Published January 25 2012
Proposal focuses on improving downtown Fargo
Now, his Downtown Community Partnership has a plan to give those beautification efforts some teeth: a proposed Business Improvement District that would give members the power to pay for maintenance and upgrades via city assessments.
Hahn, head of the Community Partnership, said the plan is modeled after similar districts in Winnipeg, Duluth, Minn., Sioux Falls, S.D., and other cities in the region. He said it would let businesses improve downtown in ways that go “above and beyond” existing city services.
That could mean anything from flower baskets to more stringent cleanup and maintenance to hiring “downtown ambassadors” to meet and greet visitors – details, Hahn says, that would push the city to the next level.
“We want downtown to look pristine,” he said.
The plan has been two years in the making. The BID would cover an area bounded roughly by the Red River to the east and University Avenue to the west, stretching from First Avenue South to Seventh Avenue North. Businesses in the district would have the power to vote on improvements and cover the costs via special assessments on the district from the city.
The Community Partnership has scheduled a series of meetings over the next few months in different areas of downtown to gauge interest and gather feedback on the plan. The first is at 5:30 p.m. on Tuesday at the Fargo Park District building at 701 Main Ave.
If downtown property owners support the plan, it could go before the Fargo City Commission this spring for a public hearing and approval.
Doug Scraper, owner of Boerth’s Gallery on Broadway and co-owner of Monte’s, called the BID “the icing on the cake” for downtown.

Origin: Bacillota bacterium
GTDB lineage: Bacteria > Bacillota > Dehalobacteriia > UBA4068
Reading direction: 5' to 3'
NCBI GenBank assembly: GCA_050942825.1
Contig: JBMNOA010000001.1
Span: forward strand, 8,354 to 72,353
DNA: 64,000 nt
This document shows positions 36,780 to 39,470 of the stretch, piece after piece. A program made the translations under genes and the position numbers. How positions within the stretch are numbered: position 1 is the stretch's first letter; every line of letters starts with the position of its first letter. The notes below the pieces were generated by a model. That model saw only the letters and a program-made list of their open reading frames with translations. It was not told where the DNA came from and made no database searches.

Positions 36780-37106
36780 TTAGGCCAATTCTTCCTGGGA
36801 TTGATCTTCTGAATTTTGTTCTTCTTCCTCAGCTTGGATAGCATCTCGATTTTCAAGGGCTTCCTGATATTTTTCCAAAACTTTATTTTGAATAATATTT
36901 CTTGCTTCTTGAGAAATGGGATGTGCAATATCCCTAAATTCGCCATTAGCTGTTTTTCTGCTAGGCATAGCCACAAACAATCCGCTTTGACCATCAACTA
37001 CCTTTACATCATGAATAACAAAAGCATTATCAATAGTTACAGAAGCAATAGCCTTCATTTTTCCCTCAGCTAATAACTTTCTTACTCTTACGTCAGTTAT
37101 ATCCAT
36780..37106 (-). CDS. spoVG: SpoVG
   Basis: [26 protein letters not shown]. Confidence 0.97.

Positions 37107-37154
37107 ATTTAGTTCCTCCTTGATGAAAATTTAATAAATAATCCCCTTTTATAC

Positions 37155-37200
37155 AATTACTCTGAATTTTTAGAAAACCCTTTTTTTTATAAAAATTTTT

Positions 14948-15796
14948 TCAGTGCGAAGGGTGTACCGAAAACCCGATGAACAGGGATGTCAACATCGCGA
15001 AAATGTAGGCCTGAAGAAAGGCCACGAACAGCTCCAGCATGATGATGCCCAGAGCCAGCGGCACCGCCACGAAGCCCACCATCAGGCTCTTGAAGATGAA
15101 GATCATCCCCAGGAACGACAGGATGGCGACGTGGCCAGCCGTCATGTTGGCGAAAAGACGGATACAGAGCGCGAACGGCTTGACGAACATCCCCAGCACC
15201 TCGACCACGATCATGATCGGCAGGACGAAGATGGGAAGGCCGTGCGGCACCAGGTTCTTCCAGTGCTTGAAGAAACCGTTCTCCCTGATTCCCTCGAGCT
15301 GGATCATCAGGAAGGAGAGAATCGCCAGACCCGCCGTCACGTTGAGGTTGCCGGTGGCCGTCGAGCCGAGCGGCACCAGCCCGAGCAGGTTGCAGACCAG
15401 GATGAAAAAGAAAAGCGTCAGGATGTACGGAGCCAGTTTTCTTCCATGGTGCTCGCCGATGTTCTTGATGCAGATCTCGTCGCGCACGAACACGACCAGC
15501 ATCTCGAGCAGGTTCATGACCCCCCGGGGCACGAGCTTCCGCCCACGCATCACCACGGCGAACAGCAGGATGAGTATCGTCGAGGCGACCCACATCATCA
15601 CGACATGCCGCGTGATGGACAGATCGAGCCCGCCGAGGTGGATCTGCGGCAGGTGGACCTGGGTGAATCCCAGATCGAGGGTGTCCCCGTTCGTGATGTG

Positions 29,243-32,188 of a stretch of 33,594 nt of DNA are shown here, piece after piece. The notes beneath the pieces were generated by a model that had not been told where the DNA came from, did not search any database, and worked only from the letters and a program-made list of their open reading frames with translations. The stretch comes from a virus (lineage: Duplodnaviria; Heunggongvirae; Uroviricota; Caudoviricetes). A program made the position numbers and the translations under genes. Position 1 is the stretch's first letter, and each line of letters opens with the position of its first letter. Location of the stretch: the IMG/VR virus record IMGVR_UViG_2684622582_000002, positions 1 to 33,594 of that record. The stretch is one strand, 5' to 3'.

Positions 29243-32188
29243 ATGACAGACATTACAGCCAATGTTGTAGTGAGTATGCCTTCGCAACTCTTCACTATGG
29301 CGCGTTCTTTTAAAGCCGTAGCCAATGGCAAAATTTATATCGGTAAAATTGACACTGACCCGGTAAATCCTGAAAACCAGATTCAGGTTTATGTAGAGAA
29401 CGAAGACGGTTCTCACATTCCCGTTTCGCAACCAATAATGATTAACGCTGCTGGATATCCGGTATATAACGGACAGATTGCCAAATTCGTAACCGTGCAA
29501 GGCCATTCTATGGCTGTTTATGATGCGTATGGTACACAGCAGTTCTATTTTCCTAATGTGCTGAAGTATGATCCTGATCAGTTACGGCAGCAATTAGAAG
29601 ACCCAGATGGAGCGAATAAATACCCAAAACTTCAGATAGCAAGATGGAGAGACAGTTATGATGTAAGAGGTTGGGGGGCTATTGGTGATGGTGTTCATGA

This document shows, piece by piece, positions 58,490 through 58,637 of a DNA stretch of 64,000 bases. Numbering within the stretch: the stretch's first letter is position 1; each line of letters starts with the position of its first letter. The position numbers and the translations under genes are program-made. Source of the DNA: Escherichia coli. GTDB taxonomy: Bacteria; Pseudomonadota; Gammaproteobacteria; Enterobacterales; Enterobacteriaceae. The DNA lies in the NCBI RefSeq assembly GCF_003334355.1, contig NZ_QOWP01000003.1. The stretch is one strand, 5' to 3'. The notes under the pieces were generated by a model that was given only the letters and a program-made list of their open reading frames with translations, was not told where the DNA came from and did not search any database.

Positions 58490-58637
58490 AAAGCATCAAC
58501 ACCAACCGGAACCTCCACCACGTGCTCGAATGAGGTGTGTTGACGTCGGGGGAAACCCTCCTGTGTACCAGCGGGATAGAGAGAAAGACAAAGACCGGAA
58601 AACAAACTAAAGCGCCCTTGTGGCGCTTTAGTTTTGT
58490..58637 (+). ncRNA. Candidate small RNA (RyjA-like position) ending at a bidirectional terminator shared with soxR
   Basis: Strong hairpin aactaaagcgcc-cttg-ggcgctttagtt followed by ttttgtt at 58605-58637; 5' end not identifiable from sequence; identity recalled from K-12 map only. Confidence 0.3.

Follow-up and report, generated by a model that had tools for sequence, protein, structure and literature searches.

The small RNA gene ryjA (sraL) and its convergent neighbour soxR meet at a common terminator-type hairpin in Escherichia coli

“It’s kind of the next step in creating a vibrant downtown,” said. “We want to have the place look like a show place.”
Brian Hayer, president and chief executive of Warner and Company at 318 Broadway, said it’s important to make sure the improvements to Broadway and downtown made in recent years are well-maintained. He said some flourishes like stonework and signage seem at times like they’ve been neglected.
“What’s been done, we can’t let that slip,” he said. “When we have such a cool downtown, there should be money to replace stuff like that right away.”
It’s not yet clear what assessment bills businesses in the district might get.
Mike Allmendinger, general manager of Kilbourne Group, which owns several properties downtown, said the BID is a welcome opportunity to create a consistently well-kempt look and feel for the area.
He said he’s excited for the coming discussions of how downtown can be improved.
“I think it’ll build awareness,” he said. “It’ll be the way to show more pride about the properties in downtown Fargo.”
For more information, visit http://fargodowntownbid.weebly.com/.
Readers can reach Forum reporter Marino Eccher at (701) 241-5502